Pakistan middle class eye China for quality education and job

Pakistani schoolchildren learn Chinese from their teacher Mr. Haiwei in the private City School in Islamabad. — AFP
 

ISLAMABAD — When Misbah Rashid taught Chinese 30 years ago, few signed up. Today her department has more than 200 Pakistani students, increasingly attracted by the prospect of an affordable education and a job.

For decades, a foreign education was the preserve of the richest who could afford the stratospheric expense of sending their progeny to Oxford or Harvard to mingle with an international elite.

Benefits of learning Chinese

But Rashid’s pupils are mostly middle class. Ambitious and academic, they lack the means to afford an American or British education and so they sign up for Mandarin Chinese at the National University of Modern Languages in Islamabad.

Some of them hope to get a job with a Chinese company in Pakistan. Others will go on to further studies in China, which offers around 500 scholarships a year and cheaper fees.

A course in China costs a few thousand dollars a year, compared with the tens of thousands of dollars US and British universities charge. What is more, some Pakistanis say their great northeastern neighbor makes them feel more welcome.

“Nowadays as Pakistanis, you may not be as welcome in all other countries as we were a few years ago,” says 18-year-old Ali Rafi, who applied to study economics at Shangdon University after visiting last summer.

“But when we went to China, there was one major difference in that we felt at home, the relations with people were really, really good. We were always welcomed, honored and everyone was really pleased when they learned we were Pakistani.”

He studies at City School, one of the private schools in Islamabad that has started to offer Chinese lessons to children as young as 12, who sing in Mandarin under the watchful eye of their teacher, Zhang Haiwei. If everything goes well, the classes will be rolled out across the school’s other 200 branches in Pakistan. And other private schools are doing the same.

Procuring visas is difficult

Pakistanis complain about the difficulty of getting visas and of the suspicion their nationality can arouse among those who associate Pakistan with Osama bin Laden, Al-Qaeda and the Taliban, particularly in Britain and the United States.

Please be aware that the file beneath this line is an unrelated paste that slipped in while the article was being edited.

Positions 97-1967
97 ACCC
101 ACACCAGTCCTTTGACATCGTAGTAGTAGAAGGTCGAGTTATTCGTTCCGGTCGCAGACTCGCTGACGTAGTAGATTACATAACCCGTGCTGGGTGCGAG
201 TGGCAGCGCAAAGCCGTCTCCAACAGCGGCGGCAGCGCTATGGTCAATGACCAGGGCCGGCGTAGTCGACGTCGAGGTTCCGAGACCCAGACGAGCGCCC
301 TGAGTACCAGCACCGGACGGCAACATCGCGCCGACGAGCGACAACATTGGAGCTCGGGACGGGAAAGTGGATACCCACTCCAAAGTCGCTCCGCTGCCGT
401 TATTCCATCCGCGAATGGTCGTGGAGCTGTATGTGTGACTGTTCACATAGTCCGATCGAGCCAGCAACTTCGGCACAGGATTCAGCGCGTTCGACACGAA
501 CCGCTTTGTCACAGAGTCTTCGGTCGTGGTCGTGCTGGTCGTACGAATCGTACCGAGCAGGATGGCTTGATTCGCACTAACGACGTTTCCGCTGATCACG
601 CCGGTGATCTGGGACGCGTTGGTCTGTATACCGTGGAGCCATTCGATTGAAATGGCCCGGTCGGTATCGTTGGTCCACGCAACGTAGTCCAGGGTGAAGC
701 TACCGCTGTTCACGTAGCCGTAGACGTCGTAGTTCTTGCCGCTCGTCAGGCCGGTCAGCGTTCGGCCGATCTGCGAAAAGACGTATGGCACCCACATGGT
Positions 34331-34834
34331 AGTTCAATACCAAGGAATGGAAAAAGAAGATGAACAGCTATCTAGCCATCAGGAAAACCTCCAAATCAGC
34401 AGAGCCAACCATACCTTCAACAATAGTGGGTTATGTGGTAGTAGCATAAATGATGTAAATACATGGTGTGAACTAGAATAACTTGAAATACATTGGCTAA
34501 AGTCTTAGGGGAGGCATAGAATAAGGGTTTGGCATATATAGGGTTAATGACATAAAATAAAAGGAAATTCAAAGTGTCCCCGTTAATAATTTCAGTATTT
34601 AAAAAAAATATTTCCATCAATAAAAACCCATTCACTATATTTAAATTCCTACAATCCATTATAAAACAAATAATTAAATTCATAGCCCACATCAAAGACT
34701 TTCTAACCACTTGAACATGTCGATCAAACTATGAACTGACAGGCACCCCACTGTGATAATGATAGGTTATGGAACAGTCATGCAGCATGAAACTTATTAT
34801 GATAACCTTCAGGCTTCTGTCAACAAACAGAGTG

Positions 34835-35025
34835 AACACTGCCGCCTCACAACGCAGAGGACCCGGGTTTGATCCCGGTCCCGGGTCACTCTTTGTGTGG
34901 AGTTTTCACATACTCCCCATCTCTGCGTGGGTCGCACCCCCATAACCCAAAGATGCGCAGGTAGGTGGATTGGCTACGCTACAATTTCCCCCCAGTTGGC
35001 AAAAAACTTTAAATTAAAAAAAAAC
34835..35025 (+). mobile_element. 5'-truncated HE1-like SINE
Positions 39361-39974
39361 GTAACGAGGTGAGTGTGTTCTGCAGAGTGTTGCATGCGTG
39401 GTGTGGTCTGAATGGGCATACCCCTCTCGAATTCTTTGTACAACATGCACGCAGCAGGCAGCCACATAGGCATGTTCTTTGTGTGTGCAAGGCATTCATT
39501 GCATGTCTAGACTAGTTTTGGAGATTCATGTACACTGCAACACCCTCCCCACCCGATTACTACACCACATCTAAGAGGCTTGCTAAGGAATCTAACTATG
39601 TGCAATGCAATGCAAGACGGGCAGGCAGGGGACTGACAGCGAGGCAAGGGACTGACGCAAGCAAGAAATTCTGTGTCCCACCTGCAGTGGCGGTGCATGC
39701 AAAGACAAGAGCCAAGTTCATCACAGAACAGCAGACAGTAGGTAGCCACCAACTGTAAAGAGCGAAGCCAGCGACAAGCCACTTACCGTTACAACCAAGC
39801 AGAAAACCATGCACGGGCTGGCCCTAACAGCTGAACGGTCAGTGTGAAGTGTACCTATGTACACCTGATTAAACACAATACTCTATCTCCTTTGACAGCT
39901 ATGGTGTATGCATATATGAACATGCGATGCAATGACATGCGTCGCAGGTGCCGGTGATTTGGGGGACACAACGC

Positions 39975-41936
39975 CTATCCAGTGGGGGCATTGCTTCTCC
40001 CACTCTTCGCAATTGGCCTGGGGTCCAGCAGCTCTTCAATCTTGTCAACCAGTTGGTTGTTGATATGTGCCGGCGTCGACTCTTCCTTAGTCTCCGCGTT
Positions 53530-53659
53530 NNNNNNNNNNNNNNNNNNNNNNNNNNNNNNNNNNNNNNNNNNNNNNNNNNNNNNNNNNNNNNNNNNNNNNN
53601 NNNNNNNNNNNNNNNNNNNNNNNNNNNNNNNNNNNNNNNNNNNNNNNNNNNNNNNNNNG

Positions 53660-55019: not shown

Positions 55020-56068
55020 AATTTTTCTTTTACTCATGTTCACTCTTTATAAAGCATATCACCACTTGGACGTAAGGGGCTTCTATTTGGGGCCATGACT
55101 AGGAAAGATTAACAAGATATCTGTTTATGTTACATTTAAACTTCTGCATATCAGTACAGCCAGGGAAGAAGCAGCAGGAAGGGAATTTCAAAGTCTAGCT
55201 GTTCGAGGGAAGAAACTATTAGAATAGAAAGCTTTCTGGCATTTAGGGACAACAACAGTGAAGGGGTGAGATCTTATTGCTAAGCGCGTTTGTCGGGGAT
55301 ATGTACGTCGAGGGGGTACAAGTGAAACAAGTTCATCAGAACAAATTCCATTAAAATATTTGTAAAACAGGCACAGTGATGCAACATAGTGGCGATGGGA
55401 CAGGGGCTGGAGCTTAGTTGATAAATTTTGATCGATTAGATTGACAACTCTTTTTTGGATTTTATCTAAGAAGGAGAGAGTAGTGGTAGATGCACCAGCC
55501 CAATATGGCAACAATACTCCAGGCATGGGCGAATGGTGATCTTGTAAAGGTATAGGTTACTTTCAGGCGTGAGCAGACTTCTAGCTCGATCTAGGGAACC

The British government says that overall, 20 percent fewer student visas were issued in 2012, compared to the previous year.

The US mission in Pakistan says it supports the world’s largest US government-funded exchange program, sending over 1,000 Pakistanis on fully funded educational programs to the United States every year.

The independent Institute of International Education says 5,045 students from Pakistan studied in the United States in 2010-11, but that the number has declined steadily since 2001-02, the academic year of the 9/11 attacks.

Brighter job prospects

The job market is another consideration.

Pakistan’s main trading partner is still the European Union, but trade with China reached $12 billion last year, up 18 percent from the previous year.

China is also Pakistan’s main arms supplier. Beijing built two nuclear power plants in Pakistan and is contracted to construct two more reactors.
There are an estimated 10,000 Chinese living in Pakistan.

Last month, it also took control of Pakistan’s strategic port of Gwadar, which through an expanded Karakoram Highway could connect China to the Arabian Sea and Strait of Hormuz, a gateway for a third of the world’s traded oil. — AFP